Find your writing “why”

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When I made a career change and launched into a full-time, non-writing job seven weeks ago, my mother, a writer, said that this would be a defining moment for my writing life. Whether I make the time for it now would likely dictate whether I continue showing up years from now—and continue to be a writer. Gulp. Dose of reality. (Why is my mother literally
always right? It’s maddening. Love you, mom.)

This unsolicited advice didn’t come from nowhere. My mother knows me well. She knows my tendency to procrastinate and let my soul-sustaining habits—like writing and exercising—fall by the wayside when the rest of life feels all-consuming. So then I did solicit her advice on finding the time and motivation for writing, even though I knew exactly what it would be. “Ass in chair,” was her Anne Lamott-esque response.

My mother walks her talk. Her years-long routine of 5 a.m. writing sessions before heading off to work while raising three daughters still has me in awe. If she can do all that, certainly there’s no excuse for me.

Like me, many of you are not full-time writers. Or for some of you who are, what you write at work doesn’t elicit the same passion that your at-home writing does. To varying degrees we likely all experience stretches of productivity, but periods of inactivity can creep up fast and lead to major guilt feels. But guilt has no place in writing. Guilt doesn’t put words on the page. Guilt doesn’t get books published.

Guilt has no place in writing. Guilt doesn’t put words on the page. Guilt doesn’t get books published.

At work, one of the owners gave a class and spoke about the importance of finding your “big why”—the thing that motivates you to show up and put in the work even when you don’t feel like it. The same can be applied to our writing. What keeps you coming back? If you struggle to stick with writing, you’re gonna have to get more specific than “I need to.” What, specifically, are you doing it for? What’s the desired outcome of a day’s or year’s worth of writing?

It helps, too, to have your own writing metric to strive for and attach to your big why. One that’s ambitious but realistic and that suits your definition of a successful writing week, not someone else’s. Many published authors insist that you must write every day, and while that would be ideal, I don’t believe it’s realistic or helpful to impose that standard on every writer. Instead, your metric could be a page count or number of writing hours per week. Whatever works. That part you’ll have to figure out, possibly through trial and error.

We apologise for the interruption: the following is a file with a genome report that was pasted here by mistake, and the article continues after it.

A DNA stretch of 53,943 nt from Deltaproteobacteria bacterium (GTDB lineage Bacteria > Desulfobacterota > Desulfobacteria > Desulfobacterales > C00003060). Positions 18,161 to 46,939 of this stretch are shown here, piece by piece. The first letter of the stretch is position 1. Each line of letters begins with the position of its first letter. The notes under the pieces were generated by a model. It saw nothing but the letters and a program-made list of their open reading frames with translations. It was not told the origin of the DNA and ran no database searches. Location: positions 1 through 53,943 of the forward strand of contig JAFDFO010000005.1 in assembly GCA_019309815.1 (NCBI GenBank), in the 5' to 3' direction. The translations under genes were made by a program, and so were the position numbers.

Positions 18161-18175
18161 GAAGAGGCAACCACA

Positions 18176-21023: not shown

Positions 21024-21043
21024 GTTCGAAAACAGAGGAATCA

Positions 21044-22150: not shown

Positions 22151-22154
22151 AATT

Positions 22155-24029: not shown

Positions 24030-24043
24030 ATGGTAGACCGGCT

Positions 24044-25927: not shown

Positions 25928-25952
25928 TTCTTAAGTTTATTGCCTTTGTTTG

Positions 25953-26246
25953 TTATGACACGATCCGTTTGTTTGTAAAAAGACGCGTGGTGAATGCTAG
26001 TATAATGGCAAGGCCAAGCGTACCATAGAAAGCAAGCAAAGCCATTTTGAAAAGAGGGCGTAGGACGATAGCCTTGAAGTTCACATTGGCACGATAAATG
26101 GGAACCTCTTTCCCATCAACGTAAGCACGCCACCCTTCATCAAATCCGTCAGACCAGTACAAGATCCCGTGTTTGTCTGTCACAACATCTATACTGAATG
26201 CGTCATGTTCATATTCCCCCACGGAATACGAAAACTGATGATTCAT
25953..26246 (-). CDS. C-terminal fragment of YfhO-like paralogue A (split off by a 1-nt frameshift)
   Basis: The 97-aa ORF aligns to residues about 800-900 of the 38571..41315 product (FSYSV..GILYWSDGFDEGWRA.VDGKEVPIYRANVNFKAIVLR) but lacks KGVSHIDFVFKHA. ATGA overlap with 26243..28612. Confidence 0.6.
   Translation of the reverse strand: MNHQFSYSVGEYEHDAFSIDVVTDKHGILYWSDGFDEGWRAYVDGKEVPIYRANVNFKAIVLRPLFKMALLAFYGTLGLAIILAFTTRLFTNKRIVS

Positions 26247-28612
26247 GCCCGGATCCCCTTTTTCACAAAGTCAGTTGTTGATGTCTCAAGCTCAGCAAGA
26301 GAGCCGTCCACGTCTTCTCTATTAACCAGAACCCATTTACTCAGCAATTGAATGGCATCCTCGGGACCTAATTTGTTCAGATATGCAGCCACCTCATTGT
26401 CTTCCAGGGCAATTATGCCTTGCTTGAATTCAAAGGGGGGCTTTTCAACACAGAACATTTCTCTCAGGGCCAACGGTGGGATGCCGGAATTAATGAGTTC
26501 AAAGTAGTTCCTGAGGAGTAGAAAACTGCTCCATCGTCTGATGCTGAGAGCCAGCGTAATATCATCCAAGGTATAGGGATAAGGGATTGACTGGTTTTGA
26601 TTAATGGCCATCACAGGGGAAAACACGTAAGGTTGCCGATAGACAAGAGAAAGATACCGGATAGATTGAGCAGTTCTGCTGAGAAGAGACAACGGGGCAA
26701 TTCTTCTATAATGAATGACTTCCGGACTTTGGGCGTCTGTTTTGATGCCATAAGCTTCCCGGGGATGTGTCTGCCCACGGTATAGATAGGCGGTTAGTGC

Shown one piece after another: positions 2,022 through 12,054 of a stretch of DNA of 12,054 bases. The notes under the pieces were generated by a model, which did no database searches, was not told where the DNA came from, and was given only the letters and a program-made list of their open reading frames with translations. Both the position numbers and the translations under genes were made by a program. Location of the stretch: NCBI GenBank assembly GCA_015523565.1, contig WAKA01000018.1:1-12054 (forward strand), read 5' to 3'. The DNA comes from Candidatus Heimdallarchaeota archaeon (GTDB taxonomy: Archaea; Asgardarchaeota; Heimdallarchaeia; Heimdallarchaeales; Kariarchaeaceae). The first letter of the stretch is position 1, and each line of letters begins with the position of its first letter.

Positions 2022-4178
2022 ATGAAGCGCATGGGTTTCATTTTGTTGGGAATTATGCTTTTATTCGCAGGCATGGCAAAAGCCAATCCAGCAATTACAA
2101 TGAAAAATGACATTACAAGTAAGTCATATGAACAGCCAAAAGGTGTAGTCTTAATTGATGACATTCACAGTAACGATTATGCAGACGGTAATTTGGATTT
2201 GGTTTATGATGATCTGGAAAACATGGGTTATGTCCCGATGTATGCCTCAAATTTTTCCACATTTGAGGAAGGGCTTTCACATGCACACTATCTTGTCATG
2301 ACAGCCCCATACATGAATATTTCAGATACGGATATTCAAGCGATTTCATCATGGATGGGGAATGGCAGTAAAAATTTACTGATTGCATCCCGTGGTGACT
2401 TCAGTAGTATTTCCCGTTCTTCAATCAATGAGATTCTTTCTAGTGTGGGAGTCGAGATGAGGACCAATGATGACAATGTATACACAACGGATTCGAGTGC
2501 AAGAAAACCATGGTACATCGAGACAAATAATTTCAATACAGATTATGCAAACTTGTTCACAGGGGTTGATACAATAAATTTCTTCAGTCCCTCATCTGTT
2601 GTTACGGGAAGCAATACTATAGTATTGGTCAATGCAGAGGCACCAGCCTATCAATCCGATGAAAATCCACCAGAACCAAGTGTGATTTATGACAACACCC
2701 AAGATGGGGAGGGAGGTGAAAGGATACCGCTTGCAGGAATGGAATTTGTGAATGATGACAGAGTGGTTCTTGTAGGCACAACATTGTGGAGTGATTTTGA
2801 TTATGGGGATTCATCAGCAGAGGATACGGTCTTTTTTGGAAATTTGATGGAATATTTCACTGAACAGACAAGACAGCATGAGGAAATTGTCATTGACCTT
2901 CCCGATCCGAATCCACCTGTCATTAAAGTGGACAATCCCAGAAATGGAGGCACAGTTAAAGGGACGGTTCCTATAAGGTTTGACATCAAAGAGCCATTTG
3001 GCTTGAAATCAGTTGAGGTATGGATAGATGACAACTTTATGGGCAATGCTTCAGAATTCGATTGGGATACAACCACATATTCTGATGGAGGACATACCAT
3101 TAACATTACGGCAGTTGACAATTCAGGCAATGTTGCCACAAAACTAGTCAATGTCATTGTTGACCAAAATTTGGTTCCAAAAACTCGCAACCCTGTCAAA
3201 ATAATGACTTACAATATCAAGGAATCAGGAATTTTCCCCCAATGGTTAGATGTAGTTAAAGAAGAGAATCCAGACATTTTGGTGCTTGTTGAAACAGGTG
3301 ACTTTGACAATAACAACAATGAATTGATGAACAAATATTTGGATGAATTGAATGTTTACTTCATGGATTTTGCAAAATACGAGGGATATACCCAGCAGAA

Author Karen Russell said it well in this interview:

“I know many writers who try to hit a set word count every day, but for me, time spent inside a fictional world tends to be a better measure of a productive writing day. I think I’m fairly generative as a writer, I can produce a lot of words, but volume is not the best metric for me. It’s more a question of, did I write for four or five hours of focused time, when I did not leave my desk, didn’t find some distraction to take me out of the world of the story?”

Many of us have big goals like, say, to write a novel. Big goals are fine, but to be successful and ensure you’re going to make the time to write—especially on those crappy days when you don’t feel like it—you have to break the big goal down by months, weeks, and possibly days. Think of National Novel Writing Month: The goal is to write 50,000 words in a month, or 1,667 words per day. Without breaking down that large goal into smaller chunks, do you think so many people would actually “win” at NaNoWriMo?

Whether you write daily or not, revisit your big why daily. Meditate on it, write it on a piece of paper and stick it on your bathroom mirror, say it out loud.

Then lose the guilt. Make the time. And write.

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Comments

  1. Love this, Cassie. It’s a never-ending process, and I definitely feel that procrastination, followed by guilt, quite often. And your mom sounds like a rock star. =]

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